Firstly, the icebergs. You may remember from school that approximately 9/10s of an iceberg is submerged in the sea, so that only a tenth is visible above. You can test this property of ice for yourself by putting an ice cube from your freezer into a glass of water. The ice will float like a mini-iceberg.

Extending this experiment a bit, if you were to take a glass of water at room temperature and warm it up, the water would expand, i.e. become less dense. Conversely, if you cooled the water it would shrink slightly, i.e. become denser. But shrinking stops at 4°C – any further cooling leads to expansion again. This is a very special property of water and is quite the opposite to what usually happens when objects cool. For example, when air cools it shrinks and it keeps shrinking the more you cool it.

Once cooling water reaches 0°C the change of phase to ice takes place and the lighter ice will float if placed in relatively heavy water.  In the real world there are some complications, for example the effect of sea-salt on the density of water, but the general principle applies.

Ice in the air

The image below is from the NASA/GSFC MODIS Rapid Response System and shows the lower South Island as viewed from the Aqua satellite in visible wavelengths of light. Invercargill is at the bottom of the image, right of centre.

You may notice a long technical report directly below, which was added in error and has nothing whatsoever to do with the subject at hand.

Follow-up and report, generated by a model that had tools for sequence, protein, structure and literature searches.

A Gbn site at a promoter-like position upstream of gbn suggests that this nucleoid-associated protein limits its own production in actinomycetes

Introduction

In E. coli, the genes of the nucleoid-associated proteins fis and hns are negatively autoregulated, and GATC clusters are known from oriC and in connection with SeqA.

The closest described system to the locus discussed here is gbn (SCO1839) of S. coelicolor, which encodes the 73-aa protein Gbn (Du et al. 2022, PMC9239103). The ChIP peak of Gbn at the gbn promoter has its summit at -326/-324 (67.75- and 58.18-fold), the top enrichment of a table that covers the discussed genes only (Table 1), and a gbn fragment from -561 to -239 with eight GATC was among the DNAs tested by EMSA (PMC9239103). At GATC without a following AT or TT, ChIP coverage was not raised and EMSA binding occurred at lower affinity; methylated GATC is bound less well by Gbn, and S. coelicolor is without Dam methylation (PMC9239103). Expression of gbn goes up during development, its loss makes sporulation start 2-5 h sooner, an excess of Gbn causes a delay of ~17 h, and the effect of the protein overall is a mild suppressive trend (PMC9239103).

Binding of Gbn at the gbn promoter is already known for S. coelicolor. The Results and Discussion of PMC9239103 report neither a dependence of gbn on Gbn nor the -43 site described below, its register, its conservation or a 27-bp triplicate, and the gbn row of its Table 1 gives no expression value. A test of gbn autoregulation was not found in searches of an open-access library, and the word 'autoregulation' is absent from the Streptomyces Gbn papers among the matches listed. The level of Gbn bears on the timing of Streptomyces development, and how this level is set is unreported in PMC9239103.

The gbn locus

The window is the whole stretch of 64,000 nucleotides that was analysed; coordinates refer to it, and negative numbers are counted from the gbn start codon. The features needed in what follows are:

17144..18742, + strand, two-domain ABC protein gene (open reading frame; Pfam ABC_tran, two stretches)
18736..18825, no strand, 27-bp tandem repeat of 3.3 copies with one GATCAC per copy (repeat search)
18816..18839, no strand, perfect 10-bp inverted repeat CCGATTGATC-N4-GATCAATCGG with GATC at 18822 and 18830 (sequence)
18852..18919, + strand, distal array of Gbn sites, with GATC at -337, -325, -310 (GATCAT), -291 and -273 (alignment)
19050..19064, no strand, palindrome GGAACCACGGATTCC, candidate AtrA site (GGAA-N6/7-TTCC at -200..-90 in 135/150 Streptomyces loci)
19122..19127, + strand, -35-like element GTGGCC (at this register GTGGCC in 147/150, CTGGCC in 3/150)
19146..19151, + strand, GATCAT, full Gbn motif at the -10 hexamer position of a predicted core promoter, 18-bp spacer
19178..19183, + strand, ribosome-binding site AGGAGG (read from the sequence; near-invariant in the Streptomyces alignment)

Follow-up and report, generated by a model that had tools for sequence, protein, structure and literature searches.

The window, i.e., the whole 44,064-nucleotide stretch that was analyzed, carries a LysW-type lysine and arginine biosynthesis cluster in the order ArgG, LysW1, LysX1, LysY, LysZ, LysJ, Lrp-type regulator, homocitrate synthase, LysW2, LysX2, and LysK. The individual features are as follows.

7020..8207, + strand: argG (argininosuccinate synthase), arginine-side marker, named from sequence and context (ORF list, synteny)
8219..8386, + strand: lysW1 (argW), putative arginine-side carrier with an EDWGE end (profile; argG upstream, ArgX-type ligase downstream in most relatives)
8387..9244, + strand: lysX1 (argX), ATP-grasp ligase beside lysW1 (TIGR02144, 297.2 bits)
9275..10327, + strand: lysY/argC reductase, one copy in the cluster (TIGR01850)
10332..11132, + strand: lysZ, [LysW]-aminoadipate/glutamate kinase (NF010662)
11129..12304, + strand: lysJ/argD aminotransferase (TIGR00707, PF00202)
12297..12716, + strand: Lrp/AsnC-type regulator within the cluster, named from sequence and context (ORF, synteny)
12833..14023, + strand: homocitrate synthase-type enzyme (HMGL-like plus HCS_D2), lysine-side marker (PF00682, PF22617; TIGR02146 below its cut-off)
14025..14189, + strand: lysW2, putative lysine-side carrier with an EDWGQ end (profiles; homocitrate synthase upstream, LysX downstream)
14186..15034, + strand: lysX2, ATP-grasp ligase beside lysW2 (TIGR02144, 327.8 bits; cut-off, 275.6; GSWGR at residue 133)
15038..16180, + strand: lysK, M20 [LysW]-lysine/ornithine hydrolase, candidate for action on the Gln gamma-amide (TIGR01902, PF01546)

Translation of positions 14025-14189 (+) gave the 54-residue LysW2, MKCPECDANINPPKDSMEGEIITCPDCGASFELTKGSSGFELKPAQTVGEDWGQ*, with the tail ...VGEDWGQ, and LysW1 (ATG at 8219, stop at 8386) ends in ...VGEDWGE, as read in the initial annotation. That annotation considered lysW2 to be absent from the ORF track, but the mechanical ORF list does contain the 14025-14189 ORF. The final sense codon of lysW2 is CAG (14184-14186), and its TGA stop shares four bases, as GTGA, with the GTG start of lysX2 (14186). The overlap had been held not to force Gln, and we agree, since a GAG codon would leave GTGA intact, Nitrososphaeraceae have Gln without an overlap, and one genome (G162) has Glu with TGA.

MODIS visible satellite image, 4pm 24 November 2009

The image brings out some interesting characteristics of ice. Look at the wispy clouds just west of Fiordland. These are cirrus clouds and are made of ice crystals suspended high up in the troposphere. If you look closely you can see shadows from the clouds cast on the sea by the afternoon sun. It is the crystal composition of these clouds that gives them their fibrous or streaky appearance.

Cirriform clouds are common in New Zealand, and you can observe their texture for yourself by looking out for them high in the sky, especially when a front is approaching. There’s a nice example in the photo below. You can also see them when towering cumulus clouds develop into cumulonimbus, with ice crystals making the glaciated anvil top of the cloud appear fibrous.

Cirrus cloud, with thin filaments at the edges
Cirrus cloud, with thin filaments at the edges

Ice on the ground

Referring back to the satellite image, in the top right of the picture there’s snow on the tops of the mountains. This can be inferred from the texture of the white colouring which follows the contours of the land, a bit like branches on a tree.
But over Fiordland the white colouring is not snow but cloud, consisting of water droplets. I know it’s cloud from the form it takes – lines of cumulus clouds orientated towards the bottom right of the image. And there are shadows from the clouds too. At some point there is a transition between the snow and the clouds, and it is difficult to detect precisely where the change occurs. Can you?

Even though the ice (in the form of snow) and water (in the form of cumulus) look similar, I hope I’ve shown that the “snow form” of ice looks quite different from the “crystal form” as in the cirrus cloud. It seems that water has many fascinating aspects to its character, and I have only touched the surface :-)